Avoiding the Most Common Estate Planning Errors
by Jessica Doro, Attorney
The biggest, and most common, mistake related to estate planning is a failure to create any plan. A recent survey indicates that 55% of American adults do not have a will.* Even if you have a will, you still need to exercise caution and diligence to avoid other common estate planning mistakes.
1. Failing to Examine How Your Property is Titled
Your will only controls the disposition of property you own in your individual name or that which does not pass by beneficiary designation. It does not affect property you own jointly with others. Property you own in joint name with another individual automatically passes to the other joint owner upon your death. Also, property with a payable on death designation passes to the designated individual upon the owner's death. These types of ownership make sense in many circumstances; however, it is imperative to be aware of the title of your property to understand whether your will controls how that property passes.
2. Failing to Review and Update Beneficiary Designations
A will does not affect how certain types of property will pass at an individual's death. The most common of these types of assets are life insurance, 401(k) assets, IRAs and annuities. These assets pass pursuant to the beneficiary designation you provided on the account. It is therefore critical that you coordinate your beneficiary designations with your will to ensure they are consistent with your wishes and each other.
Another critical mistake many people make regarding beneficiary designations is naming minor children as the beneficiaries of life insurance proceeds, 401(k) assets, and IRAs. If funds are left outright to a minor, then, in most cases, a conservator will need to be appointed for the child. That conservator will need to provide information to a court regarding the management of the funds and also may be limited in the investment options. Another disadvantage is that a child will receive a lump sum at age 18 and the child may lack the maturity to properly manage the funds at that early age.
A better alternative is to create a trust under your will and to name a trustee to manage such assets for the benefit of your minor children. You can then designate the age or ages when you feel it is appropriate for your children to access his or her share of the assets. The trust should then be named as the beneficiary of your life insurance policies and retirement accounts.
3. Failing to Plan for Disability
Many individuals incorrectly believe they have completed their estate plan once they have signed a will. A will, however, only governs your property after your death. It has no impact on your property if you become disabled and cannot manage your assets, and it also has no effect on your medical decisions.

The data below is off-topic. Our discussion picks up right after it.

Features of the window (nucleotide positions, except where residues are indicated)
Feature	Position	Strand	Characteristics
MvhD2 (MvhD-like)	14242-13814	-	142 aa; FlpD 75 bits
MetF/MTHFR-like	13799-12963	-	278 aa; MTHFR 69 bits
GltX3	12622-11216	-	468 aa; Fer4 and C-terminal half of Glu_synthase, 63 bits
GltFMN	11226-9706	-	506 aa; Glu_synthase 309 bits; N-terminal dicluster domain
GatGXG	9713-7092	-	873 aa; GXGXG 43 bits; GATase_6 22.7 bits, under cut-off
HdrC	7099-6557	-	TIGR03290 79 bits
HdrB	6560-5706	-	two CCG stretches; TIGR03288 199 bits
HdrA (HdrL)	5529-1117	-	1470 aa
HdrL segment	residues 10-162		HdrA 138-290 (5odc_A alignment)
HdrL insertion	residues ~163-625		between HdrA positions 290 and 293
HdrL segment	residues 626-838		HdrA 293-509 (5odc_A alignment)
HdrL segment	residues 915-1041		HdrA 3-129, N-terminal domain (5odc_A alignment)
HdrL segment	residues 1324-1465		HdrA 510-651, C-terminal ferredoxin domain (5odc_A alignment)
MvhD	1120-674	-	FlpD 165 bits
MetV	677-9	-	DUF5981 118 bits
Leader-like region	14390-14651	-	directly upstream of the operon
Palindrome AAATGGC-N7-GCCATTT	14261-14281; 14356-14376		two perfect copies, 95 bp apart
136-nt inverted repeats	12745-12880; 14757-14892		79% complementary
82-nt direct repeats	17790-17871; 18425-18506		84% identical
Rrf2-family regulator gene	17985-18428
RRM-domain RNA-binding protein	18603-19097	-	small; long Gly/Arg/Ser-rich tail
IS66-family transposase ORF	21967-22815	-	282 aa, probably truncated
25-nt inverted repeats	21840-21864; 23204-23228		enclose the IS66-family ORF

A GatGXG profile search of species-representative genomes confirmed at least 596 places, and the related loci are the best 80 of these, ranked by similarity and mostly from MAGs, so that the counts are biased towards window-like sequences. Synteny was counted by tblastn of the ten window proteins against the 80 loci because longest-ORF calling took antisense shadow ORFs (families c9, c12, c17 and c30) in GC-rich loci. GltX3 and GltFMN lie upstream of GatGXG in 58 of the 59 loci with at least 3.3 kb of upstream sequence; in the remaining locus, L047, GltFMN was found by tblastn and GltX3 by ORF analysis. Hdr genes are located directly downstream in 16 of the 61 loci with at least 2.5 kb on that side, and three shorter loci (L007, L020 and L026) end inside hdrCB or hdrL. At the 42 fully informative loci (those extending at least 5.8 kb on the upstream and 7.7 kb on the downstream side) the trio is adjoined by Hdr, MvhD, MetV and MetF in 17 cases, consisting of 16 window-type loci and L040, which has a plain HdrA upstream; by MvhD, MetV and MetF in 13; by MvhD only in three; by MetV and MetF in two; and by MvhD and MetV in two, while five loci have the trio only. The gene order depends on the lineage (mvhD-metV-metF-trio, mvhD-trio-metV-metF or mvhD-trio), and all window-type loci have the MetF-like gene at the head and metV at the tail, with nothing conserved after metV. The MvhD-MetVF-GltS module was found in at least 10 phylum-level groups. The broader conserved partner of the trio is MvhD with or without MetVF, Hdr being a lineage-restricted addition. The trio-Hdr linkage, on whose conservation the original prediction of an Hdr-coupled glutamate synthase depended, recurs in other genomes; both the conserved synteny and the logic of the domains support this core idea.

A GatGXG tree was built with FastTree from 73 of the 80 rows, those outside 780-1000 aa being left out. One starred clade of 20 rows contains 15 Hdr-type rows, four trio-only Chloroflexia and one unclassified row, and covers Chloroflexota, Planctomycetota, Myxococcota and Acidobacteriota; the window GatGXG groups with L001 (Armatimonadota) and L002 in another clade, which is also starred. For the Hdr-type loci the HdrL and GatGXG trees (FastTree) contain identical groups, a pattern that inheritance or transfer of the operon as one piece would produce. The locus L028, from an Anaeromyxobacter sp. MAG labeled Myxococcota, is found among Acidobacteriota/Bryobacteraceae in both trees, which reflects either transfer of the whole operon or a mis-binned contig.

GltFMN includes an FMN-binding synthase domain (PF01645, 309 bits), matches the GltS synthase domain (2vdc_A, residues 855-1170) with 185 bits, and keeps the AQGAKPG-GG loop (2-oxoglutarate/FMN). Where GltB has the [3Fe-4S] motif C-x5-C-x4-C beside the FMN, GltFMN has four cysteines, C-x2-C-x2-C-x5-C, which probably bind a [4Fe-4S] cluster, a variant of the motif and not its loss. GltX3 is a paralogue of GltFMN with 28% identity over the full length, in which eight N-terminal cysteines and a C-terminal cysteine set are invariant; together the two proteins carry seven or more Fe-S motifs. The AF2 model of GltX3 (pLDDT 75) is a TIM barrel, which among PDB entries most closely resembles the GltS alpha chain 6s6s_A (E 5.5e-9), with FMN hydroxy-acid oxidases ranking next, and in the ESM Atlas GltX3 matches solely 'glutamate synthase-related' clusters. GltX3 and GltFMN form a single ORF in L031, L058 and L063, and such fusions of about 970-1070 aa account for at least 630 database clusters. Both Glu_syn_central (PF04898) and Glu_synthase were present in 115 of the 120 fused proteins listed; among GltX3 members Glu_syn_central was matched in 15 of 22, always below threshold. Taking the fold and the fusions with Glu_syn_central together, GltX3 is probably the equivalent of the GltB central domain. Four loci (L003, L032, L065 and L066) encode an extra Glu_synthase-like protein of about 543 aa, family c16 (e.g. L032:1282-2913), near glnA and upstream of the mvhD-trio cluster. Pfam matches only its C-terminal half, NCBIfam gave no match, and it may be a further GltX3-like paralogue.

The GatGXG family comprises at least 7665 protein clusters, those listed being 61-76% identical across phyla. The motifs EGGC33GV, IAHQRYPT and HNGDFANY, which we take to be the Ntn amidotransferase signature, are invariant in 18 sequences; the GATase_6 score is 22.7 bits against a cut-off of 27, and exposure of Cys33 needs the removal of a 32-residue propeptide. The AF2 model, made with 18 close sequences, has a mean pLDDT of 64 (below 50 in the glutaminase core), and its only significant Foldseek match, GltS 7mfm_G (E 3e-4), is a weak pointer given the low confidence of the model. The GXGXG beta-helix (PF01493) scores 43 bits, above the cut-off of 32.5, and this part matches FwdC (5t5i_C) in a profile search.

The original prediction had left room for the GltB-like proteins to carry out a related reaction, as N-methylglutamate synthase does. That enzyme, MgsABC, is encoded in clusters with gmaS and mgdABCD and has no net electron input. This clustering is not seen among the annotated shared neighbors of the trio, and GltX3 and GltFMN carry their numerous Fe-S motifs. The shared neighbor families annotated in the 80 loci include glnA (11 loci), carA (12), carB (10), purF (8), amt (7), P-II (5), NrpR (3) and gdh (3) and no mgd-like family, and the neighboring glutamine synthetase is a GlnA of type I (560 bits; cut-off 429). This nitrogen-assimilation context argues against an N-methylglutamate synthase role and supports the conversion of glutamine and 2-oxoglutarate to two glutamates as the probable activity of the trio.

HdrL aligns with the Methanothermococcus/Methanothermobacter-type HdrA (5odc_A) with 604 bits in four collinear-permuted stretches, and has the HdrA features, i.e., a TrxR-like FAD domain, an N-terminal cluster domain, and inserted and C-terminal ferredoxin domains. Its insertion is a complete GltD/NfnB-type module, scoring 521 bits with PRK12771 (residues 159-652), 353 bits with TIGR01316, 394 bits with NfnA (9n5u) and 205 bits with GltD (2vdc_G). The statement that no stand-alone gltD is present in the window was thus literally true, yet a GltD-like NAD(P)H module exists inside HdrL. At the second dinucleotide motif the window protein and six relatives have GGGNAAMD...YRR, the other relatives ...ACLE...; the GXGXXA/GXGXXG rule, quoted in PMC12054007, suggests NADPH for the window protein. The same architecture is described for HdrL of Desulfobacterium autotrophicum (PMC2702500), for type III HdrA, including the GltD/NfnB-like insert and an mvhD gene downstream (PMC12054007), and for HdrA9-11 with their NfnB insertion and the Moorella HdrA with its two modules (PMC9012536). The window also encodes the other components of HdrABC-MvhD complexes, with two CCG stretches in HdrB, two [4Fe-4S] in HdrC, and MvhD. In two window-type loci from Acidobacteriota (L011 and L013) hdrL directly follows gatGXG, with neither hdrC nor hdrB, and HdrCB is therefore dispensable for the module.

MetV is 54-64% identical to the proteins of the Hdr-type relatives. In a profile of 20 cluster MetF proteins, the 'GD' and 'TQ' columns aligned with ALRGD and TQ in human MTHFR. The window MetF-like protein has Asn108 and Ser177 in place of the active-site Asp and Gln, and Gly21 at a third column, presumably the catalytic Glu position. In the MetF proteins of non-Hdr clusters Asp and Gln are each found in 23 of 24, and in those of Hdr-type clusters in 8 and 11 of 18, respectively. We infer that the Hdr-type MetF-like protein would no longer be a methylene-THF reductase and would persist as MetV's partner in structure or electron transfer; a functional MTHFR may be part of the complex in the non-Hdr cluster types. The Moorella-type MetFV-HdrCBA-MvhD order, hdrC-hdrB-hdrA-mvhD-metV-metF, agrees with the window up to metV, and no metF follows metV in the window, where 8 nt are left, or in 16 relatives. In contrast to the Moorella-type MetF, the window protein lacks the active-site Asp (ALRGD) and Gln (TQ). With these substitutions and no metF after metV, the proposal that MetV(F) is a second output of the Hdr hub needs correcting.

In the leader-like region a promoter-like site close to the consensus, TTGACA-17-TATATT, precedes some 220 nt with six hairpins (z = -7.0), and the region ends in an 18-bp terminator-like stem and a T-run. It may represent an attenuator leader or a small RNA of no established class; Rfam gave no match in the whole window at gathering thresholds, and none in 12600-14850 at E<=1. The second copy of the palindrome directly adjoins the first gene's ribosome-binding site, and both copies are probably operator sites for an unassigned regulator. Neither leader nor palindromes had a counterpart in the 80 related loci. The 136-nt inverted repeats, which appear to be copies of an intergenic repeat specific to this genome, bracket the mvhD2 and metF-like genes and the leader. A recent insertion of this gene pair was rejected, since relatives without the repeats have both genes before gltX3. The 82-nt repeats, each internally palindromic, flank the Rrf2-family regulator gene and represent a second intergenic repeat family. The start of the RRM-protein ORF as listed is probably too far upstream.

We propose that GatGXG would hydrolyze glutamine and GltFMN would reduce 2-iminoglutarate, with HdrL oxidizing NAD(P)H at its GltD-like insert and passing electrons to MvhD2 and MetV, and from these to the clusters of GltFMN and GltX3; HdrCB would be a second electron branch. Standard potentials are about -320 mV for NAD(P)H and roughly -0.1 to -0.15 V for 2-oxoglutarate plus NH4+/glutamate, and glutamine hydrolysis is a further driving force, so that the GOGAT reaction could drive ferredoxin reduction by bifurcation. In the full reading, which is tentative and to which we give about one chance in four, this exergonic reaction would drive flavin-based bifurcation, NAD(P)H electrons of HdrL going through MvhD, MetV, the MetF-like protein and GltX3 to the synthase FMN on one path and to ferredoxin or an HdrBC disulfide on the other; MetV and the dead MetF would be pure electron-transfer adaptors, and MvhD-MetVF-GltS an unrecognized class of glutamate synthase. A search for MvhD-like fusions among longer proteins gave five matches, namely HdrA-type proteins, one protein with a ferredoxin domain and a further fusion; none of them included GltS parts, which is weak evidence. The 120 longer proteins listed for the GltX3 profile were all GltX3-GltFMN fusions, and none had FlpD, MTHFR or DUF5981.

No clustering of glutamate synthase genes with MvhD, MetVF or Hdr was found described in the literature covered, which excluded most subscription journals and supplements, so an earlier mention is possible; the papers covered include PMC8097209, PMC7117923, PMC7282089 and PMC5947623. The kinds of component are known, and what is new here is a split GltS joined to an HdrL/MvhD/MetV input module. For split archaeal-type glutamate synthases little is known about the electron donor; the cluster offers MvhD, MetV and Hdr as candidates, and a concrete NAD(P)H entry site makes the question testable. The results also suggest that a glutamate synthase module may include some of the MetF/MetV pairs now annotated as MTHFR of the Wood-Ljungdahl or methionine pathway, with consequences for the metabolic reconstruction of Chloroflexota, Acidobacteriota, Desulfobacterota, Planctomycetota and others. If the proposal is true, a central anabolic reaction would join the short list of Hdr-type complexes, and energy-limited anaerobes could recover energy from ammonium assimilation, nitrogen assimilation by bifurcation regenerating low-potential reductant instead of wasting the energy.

It is critical to also execute powers of attorney for financial purposes and for health care purposes. The financial power of attorney gives another individual or entity the ability to manage your assets on your behalf. It can take effect immediately or only upon your incapacity. Without a power of attorney it may be necessary to have a court appoint a conservator to manage your assets during your disability, which can be time-consuming and expensive.
A medical power of attorney designates an individual to make health care decisions on your behalf when you are unable to make your own health care decisions. This document is extremely important and can help prevent disagreements among family members.
4. Failing to Consider Family Circumstances
Another common error is ignoring unique family circumstances when creating an estate plan. It is important to review your family circumstances to determine at what age you want beneficiaries to receive assets. If specific assets should go to one family member, such as a closely held business or the family farm, it is important to consider the effect on the other children who are not involved in the business or the farm. Additionally, you should consider remarriage, step-relatives, and disabled relatives when determining how your property should be divided and also whether you and your family may have charitable intentions that you want reflected in your documents.
5. Failing to Review Your Documents on a Regular Basis
Once you have signed your documents it is important to review them on a regular basis, typically every three to five years. You should review your documents more frequently if significant changes occur in your family structure (birth, divorce, death) or if there are significant changes in your assets
Bradley & Riley has an experienced group of attorneys who can help you avoid these common errors. Contact us at 319-363-0101 (Cedar Rapids) or 319-466-1511 (Iowa City) if you have questions.